Businesses with more than a handful of employees have a lot to balance including pricing, product planning, accounting and finance, managing payroll, dealing with inventory, and more. Stitching together a set of disparate tools to handle those jobs is a quick, cheap, and dirty way to get things done.
That approach isn't scalable. It's difficult to efficiently move data between the various pieces of such an ad-hoc system. As well, it can be difficult to maintain.
Instead, most growing businesses turn to an enterprise resource planning (ERP) system.
The big guns in that space are Oracle, SAP, and Microsoft Dynamics. Their offerings are comprehensive, but also expensive. What happens if your business can't afford one of those big implementations or if your needs are simple? You turn to the open source alternatives.
What to look for in an ERP system
Obviously, you want a system that suits your needs. Depending on those needs, more features doesn't always mean better. However, your needs might change as your business grows, so you'll want to find an ERP system that can expand to meet your new needs. That could mean the system has additional modules or just supports plugins and add-ons.
Most open source ERP systems are web applications. You can download and install them on your server. But if you don't want (or don't have the skills or staff) to maintain a system yourself, then make sure there's a hosted version of the application available.
Finally, you'll want to make sure the application has good documentation and good support—either in the form of paid support or an active user community.
There are a number of flexible, feature-rich, and cost-effective open source ERP systems out there. Here are nine to check out if you're in the market for such a system.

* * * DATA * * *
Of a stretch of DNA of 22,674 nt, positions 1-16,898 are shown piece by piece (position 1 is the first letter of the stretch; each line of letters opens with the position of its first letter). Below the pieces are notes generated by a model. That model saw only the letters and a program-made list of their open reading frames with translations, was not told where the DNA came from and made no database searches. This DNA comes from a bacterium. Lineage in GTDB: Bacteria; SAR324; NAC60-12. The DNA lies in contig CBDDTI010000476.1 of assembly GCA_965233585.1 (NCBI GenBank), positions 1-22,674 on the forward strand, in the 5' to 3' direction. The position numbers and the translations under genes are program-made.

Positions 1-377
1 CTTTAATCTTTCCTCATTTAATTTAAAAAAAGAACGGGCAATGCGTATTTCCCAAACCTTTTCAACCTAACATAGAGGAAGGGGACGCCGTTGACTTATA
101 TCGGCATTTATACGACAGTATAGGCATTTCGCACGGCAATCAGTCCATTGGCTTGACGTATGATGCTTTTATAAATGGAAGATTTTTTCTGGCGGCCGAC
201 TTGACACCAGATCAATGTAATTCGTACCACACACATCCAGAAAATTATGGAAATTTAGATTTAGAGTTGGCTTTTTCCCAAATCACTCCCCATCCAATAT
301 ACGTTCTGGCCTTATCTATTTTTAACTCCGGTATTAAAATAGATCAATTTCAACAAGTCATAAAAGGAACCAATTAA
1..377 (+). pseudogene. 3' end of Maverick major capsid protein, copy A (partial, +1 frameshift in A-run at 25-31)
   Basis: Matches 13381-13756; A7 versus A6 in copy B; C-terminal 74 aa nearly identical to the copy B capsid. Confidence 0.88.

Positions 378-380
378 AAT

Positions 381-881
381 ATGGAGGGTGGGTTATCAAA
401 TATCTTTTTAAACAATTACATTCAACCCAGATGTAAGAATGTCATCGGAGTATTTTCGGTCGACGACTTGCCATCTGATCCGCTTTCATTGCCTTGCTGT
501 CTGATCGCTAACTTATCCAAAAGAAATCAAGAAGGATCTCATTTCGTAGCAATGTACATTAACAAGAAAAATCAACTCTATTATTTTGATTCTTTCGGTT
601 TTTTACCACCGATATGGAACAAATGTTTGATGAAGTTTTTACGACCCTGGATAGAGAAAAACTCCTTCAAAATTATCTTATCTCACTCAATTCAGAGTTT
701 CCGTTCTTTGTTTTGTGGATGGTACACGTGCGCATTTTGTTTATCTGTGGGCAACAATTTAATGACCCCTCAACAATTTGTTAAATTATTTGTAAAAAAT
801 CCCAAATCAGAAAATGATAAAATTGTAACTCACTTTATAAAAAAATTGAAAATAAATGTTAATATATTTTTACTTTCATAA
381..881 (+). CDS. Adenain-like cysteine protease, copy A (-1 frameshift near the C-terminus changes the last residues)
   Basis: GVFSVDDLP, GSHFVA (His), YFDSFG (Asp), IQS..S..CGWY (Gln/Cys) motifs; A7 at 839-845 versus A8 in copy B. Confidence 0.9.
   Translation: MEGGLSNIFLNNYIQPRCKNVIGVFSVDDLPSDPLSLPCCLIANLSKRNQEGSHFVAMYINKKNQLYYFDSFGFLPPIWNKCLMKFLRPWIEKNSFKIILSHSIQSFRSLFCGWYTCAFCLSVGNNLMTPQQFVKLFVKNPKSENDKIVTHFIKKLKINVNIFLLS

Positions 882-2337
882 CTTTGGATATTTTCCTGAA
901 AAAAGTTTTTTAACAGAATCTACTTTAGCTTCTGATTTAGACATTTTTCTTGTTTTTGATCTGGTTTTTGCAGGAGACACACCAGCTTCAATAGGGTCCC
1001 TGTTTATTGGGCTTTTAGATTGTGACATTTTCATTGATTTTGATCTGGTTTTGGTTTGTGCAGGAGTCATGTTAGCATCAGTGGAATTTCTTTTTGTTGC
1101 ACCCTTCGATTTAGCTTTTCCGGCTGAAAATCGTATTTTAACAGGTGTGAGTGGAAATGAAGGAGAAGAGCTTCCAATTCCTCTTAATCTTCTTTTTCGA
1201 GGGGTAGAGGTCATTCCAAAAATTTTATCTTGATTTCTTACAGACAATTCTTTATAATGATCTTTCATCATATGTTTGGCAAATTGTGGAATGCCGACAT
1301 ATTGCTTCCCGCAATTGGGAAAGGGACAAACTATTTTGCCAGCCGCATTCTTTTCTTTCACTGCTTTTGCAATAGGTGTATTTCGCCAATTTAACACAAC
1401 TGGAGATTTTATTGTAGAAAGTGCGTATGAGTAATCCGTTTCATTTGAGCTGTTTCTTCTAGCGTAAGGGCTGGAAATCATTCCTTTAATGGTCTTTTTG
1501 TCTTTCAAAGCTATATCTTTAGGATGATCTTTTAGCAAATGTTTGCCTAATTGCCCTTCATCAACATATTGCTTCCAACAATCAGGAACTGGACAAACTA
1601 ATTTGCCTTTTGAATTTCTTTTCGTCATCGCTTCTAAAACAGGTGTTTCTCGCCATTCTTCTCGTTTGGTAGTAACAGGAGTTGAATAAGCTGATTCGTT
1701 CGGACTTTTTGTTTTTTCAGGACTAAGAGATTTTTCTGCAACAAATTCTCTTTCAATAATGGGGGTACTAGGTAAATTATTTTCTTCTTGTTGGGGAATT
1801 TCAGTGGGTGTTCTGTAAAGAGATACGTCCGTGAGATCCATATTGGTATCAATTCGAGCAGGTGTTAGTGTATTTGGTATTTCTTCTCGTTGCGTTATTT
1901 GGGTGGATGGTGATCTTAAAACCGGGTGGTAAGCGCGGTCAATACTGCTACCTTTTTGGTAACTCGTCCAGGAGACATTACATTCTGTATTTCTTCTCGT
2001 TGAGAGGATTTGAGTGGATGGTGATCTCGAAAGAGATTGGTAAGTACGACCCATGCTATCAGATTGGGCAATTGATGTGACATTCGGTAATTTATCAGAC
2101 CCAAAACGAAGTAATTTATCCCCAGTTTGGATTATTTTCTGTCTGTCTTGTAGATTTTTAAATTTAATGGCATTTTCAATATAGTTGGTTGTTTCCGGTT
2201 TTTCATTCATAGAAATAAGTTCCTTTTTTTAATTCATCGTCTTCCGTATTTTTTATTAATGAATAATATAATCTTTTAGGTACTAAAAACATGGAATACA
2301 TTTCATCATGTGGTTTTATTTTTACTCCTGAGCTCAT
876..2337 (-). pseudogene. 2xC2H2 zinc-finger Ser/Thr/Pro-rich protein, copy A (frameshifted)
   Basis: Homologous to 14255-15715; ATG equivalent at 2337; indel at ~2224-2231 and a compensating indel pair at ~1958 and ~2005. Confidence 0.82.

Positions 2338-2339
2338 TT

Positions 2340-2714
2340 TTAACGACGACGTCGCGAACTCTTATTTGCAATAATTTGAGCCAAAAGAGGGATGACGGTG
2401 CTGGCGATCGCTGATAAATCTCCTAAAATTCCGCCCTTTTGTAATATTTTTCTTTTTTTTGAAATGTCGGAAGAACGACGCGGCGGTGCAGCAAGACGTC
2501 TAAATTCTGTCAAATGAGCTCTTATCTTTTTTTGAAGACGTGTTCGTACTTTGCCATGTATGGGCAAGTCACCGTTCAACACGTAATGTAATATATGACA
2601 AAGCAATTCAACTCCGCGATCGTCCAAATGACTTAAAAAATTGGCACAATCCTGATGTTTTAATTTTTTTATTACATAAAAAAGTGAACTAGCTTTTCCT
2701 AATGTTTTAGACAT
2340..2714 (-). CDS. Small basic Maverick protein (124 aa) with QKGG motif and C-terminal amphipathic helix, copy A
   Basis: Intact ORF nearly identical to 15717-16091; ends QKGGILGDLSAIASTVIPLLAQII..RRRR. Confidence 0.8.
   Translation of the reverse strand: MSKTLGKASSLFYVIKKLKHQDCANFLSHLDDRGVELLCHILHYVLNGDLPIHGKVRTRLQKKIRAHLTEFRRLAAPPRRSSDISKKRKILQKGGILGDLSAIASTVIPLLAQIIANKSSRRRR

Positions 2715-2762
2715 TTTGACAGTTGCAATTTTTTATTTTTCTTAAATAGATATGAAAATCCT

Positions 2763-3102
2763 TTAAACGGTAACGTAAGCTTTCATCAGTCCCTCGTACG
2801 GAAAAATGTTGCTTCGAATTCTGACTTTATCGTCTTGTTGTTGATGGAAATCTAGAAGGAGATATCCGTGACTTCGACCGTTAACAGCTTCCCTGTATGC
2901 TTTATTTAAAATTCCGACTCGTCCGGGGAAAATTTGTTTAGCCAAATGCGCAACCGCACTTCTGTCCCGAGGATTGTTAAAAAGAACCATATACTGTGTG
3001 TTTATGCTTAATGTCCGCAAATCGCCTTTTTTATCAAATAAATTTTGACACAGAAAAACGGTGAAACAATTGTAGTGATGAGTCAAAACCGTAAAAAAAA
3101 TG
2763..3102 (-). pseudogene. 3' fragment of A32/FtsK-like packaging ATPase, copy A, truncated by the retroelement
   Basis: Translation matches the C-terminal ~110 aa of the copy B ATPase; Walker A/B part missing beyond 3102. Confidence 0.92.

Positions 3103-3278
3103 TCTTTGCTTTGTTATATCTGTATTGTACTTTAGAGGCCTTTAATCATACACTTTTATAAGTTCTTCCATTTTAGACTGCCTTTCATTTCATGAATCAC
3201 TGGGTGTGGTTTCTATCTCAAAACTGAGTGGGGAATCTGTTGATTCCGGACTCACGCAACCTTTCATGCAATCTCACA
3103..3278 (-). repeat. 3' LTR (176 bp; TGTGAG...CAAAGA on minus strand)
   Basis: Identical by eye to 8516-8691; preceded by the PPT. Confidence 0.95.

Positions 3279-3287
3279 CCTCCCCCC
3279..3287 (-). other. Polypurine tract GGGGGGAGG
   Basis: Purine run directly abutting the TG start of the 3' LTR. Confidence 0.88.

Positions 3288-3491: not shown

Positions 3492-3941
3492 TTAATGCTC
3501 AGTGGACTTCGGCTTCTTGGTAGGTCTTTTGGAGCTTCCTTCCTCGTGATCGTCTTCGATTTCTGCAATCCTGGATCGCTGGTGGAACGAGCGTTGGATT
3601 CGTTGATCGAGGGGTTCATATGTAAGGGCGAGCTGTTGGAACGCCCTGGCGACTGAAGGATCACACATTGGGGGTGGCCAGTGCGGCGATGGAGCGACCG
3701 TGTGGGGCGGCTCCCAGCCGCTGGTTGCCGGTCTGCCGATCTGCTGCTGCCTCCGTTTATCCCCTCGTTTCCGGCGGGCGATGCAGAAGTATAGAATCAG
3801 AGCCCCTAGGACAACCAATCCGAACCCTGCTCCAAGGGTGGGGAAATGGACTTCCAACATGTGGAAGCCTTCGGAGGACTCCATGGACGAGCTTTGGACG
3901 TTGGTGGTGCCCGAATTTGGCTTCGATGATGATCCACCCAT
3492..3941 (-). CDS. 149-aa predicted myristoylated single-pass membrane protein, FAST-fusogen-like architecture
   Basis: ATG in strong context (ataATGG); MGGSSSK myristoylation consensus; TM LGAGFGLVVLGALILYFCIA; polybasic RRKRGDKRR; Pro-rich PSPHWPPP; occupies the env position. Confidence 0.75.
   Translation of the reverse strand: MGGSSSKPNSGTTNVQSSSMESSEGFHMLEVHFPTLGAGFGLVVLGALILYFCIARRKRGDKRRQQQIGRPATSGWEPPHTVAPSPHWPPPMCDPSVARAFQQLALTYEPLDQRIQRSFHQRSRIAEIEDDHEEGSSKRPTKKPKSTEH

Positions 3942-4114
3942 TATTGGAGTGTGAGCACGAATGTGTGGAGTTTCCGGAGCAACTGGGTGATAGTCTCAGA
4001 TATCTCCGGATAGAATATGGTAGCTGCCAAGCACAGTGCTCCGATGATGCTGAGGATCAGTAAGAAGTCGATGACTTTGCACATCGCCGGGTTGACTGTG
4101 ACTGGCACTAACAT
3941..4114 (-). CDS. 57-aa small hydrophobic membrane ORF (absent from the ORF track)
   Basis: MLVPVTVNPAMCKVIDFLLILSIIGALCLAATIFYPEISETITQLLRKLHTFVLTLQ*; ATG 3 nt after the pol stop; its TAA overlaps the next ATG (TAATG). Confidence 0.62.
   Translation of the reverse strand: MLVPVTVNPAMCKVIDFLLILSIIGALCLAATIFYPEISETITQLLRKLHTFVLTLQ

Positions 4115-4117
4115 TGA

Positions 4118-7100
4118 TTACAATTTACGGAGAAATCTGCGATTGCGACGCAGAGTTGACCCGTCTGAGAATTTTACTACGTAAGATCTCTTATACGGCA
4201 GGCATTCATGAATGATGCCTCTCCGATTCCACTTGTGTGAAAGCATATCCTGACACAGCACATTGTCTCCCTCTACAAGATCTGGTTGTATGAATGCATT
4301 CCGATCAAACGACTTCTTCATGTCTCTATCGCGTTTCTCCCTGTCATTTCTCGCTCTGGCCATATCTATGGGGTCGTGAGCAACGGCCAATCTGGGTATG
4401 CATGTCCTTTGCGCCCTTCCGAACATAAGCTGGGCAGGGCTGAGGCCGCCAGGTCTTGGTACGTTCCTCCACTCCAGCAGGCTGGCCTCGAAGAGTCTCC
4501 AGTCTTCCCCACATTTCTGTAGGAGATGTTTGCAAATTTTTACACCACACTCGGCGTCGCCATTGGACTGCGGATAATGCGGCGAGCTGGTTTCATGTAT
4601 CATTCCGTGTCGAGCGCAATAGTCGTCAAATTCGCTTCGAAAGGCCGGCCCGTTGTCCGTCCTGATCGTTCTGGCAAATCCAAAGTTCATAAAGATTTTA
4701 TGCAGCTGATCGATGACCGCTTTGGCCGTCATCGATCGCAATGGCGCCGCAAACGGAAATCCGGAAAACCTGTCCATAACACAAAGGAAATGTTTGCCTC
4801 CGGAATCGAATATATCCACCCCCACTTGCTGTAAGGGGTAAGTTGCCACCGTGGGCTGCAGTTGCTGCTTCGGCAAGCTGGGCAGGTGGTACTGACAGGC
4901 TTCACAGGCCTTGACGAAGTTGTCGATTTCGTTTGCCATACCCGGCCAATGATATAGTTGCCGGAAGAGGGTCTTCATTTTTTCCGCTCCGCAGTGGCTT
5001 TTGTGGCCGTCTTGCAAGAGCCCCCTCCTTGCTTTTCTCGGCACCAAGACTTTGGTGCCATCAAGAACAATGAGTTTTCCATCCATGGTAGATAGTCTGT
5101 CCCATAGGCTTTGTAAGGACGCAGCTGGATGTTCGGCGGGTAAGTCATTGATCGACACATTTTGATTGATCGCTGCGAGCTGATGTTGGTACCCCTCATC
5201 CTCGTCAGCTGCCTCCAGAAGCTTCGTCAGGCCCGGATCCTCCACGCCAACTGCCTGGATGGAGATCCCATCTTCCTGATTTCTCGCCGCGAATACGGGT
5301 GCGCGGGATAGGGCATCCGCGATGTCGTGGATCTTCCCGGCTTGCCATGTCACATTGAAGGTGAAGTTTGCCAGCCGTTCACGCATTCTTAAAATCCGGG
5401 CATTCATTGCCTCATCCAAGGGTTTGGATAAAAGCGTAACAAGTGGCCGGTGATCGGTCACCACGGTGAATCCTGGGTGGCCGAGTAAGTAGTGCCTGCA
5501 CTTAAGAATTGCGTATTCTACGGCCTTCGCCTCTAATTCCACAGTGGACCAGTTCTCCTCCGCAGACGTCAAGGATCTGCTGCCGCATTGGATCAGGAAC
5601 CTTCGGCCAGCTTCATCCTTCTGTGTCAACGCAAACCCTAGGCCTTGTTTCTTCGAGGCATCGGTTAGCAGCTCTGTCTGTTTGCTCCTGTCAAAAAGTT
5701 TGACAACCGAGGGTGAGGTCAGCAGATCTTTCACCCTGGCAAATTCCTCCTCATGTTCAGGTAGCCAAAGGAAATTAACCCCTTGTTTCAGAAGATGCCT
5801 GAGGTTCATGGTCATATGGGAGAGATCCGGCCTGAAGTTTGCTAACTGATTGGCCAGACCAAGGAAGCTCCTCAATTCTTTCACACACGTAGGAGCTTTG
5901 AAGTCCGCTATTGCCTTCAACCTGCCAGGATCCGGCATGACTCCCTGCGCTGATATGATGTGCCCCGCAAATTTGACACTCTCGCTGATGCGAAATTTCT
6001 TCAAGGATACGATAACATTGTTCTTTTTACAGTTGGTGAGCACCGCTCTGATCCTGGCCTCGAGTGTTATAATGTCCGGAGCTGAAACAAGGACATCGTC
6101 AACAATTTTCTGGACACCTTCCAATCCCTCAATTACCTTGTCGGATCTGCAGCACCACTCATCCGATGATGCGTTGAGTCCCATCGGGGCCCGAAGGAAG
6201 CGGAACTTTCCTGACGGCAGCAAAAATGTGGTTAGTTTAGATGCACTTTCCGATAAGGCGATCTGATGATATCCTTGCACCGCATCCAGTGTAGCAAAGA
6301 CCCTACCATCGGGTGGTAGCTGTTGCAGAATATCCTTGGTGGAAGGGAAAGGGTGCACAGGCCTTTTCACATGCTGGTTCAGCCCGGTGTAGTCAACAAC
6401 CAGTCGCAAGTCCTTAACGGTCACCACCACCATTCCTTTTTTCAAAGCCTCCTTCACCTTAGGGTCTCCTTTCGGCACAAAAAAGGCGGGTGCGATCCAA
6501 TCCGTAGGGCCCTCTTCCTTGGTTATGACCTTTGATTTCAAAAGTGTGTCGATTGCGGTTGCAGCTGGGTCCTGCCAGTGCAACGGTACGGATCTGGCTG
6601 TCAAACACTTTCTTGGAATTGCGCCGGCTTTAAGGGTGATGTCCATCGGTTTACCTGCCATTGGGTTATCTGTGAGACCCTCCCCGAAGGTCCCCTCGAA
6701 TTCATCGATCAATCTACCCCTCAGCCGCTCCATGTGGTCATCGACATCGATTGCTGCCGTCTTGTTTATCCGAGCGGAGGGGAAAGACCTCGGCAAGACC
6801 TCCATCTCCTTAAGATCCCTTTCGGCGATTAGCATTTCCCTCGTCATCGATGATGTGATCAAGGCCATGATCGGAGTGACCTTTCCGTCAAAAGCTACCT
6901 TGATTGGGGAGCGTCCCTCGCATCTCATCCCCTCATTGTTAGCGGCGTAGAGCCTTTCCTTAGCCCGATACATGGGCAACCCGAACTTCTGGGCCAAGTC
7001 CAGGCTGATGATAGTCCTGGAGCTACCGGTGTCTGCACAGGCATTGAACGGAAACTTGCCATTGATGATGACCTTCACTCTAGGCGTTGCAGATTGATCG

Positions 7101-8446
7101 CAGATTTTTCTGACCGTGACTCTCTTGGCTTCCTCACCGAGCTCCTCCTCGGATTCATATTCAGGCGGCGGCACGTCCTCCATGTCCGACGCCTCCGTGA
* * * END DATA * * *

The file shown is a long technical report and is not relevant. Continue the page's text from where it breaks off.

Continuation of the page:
Like most other open source ERP solutions, ADempiere is targeted at small and midsized businesses. It's been around awhile—the project was formed in 2006 as a fork from the Compiere ERP software.
Its Italian name means to achieve or satisfy, and its "multidimensional" ERP features aim to help businesses satisfy a wide range of needs. It adds supply chain management (SCM) and customer relationship management (CRM) features to its ERP suite to help manage sales, purchasing, inventory, and accounting processes in one piece of software. Its latest release, v.3.9.0, updated its user interface, point-of-sale, HR, payroll, and other features.
As a multiplatform, Java-based cloud solution, ADempiere is accessible on Linux, Unix, Windows, MacOS, smartphones, and tablets. It is licensed under GPLv2. If you'd like to learn more, take its demo for a test run or access its source code on GitHub.
Apache OFBiz's suite of related business tools is built on a common architecture that enables organizations to customize the ERP to their needs. As a result, it's best suited for midsize or large enterprises that have the internal development resources to adapt and integrate it within their existing IT and business processes.
OFBiz is a mature open source ERP system; its website says it's been a top-level Apache project for a decade. Modules are available for accounting, manufacturing, HR, inventory management, catalog management, CRM, and e-commerce. You can also try out its e-commerce web store and backend ERP applications on its demo page.
Apache OFBiz's source code can be found in the project's repository. It is written in Java and licensed under an Apache 2.0 license.
Dolibarr offers end-to-end management for small and midsize businesses—from keeping track of invoices, contracts, inventory, orders, and payments to managing documents and supporting electronic point-of-sale system. It's all wrapped in a fairly clean interface.
If you're wondering what Dolibarr can't do, here's some documentation about that.
In addition to an online demo, Dolibarr also has an add-ons store where you can buy software that extends its features. You can check out its source code on GitHub; it's licensed under GPLv3 or any later version.
ERPNext is one of those classic open source projects; in fact, it was featured on Opensource.com way back in 2014. It was designed to scratch a particular itch, in this case replacing a creaky and expensive proprietary ERP implementation.